College students love to party. They are finally free from their parents’ watchful eyes and take advantage. Still, they don’t deserve the brunt of the blame when condemning binge drinking – as select high schoolers, young adults, and some older adults also love to toss back drinks in a quick and plentiful fashion.
Binge drinking is defined as five for men or four drinks for women in two hours. The Centers for Disease Control and Prevention (CDC) cites that one in six American adults binge drinks about four times each month. While binge drinking is highly prevalent among people ages 18-35, over 50% of the total binge drinks consumed are drunk by those 35 years and older.
The eye-opening figures of binge drinking break down like this:
- Four out of five binge drinks are drunk by men
- Binge drinking is most common among individuals from households who make $75,000 or more – or those who attend college
- When binge drinking, those in lower-income levels consume a more significant amount of drinks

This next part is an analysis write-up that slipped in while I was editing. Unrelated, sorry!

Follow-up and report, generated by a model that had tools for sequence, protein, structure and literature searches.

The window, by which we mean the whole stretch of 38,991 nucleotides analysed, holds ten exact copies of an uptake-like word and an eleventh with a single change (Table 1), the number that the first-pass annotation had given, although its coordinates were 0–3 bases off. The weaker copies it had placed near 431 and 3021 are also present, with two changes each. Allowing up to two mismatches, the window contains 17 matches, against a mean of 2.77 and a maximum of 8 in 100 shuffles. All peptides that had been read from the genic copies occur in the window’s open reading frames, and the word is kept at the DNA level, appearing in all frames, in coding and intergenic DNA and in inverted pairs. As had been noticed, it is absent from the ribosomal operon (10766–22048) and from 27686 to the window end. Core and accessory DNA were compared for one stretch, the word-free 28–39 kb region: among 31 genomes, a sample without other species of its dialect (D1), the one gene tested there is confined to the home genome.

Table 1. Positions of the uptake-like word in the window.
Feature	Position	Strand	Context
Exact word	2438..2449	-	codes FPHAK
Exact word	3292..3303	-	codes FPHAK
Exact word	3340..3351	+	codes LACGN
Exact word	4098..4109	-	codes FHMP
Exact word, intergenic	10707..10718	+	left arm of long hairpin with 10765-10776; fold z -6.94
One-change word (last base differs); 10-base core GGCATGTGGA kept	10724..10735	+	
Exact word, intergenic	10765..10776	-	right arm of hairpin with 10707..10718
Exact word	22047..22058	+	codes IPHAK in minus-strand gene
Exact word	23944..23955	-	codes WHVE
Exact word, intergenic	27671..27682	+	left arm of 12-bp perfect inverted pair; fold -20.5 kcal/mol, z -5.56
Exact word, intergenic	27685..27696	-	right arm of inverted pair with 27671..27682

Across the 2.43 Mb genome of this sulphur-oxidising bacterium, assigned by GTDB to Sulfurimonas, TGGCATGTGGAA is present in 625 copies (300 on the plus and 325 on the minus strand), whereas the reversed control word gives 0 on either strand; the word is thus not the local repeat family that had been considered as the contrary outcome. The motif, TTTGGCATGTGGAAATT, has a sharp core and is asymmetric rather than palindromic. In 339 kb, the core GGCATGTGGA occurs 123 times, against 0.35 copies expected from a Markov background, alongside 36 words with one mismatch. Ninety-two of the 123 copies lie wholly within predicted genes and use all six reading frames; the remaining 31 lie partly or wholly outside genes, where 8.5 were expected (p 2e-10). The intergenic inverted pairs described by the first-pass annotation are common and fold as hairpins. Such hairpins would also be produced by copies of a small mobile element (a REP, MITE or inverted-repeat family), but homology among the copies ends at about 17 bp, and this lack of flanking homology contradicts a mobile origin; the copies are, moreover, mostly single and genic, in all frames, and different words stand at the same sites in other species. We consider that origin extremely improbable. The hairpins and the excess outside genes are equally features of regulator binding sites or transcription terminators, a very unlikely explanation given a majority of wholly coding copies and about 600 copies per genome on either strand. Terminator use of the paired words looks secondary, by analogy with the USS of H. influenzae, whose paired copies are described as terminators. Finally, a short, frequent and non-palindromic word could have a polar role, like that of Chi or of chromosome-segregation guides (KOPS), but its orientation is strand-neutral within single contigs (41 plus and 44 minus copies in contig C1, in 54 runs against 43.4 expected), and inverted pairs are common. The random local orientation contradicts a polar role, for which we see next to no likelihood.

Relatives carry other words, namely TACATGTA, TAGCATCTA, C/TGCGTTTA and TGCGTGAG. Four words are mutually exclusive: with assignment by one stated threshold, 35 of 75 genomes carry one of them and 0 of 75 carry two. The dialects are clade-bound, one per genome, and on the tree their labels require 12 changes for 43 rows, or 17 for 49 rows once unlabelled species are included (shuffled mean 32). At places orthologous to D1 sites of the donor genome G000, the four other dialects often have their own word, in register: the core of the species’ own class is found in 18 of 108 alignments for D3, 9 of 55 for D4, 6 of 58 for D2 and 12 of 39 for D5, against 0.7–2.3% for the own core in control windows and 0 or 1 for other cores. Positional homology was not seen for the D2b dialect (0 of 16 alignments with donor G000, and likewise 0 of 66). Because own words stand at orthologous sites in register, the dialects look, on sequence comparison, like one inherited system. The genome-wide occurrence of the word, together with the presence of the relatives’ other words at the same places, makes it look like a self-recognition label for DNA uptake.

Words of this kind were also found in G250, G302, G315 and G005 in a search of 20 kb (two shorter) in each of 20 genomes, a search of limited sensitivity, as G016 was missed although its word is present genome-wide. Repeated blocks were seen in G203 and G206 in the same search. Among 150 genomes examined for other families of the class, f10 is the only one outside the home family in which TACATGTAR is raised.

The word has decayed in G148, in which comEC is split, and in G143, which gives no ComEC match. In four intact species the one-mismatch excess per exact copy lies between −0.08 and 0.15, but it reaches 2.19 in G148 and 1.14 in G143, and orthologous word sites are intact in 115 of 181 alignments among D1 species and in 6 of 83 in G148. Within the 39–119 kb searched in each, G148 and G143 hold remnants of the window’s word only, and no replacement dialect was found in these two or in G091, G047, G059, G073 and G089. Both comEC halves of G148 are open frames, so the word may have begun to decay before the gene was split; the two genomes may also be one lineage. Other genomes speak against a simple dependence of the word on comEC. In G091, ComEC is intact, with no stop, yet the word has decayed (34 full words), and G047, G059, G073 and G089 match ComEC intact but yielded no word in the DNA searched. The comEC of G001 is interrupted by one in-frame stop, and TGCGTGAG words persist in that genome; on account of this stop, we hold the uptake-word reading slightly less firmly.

- Over 90% of Americans who overindulge on alcohol likely binge drank within the past 30 days
The possible health risks and external consequences associated with binge drinking are far-reaching and include:
- Vehicle crash injuries and fatalities
- Alcohol poisoning
- A potential rise in violence against self and others (homicide, sexual assault, suicide, self-harm, domestic violence)
- Sexually transmitted diseases (STD’s)
- For pregnant women: Fetal alcohol spectrum disorder (FASDs) and sudden infant death syndrome (SIDS)
- Heart disease, high blood pressure, stroke and liver disease or failure
- Multiple kinds of cancer, including mouth, throat, breast, liver, colon and esophagus cancer
- Memory and learning development issues
- Alcohol addiction
As adults of legal drinking age, having a few drinks now and again is not the problem. When drinking becomes increasingly consistent, and drinkers consume in large amounts is when present and long-term effects can have damaging results.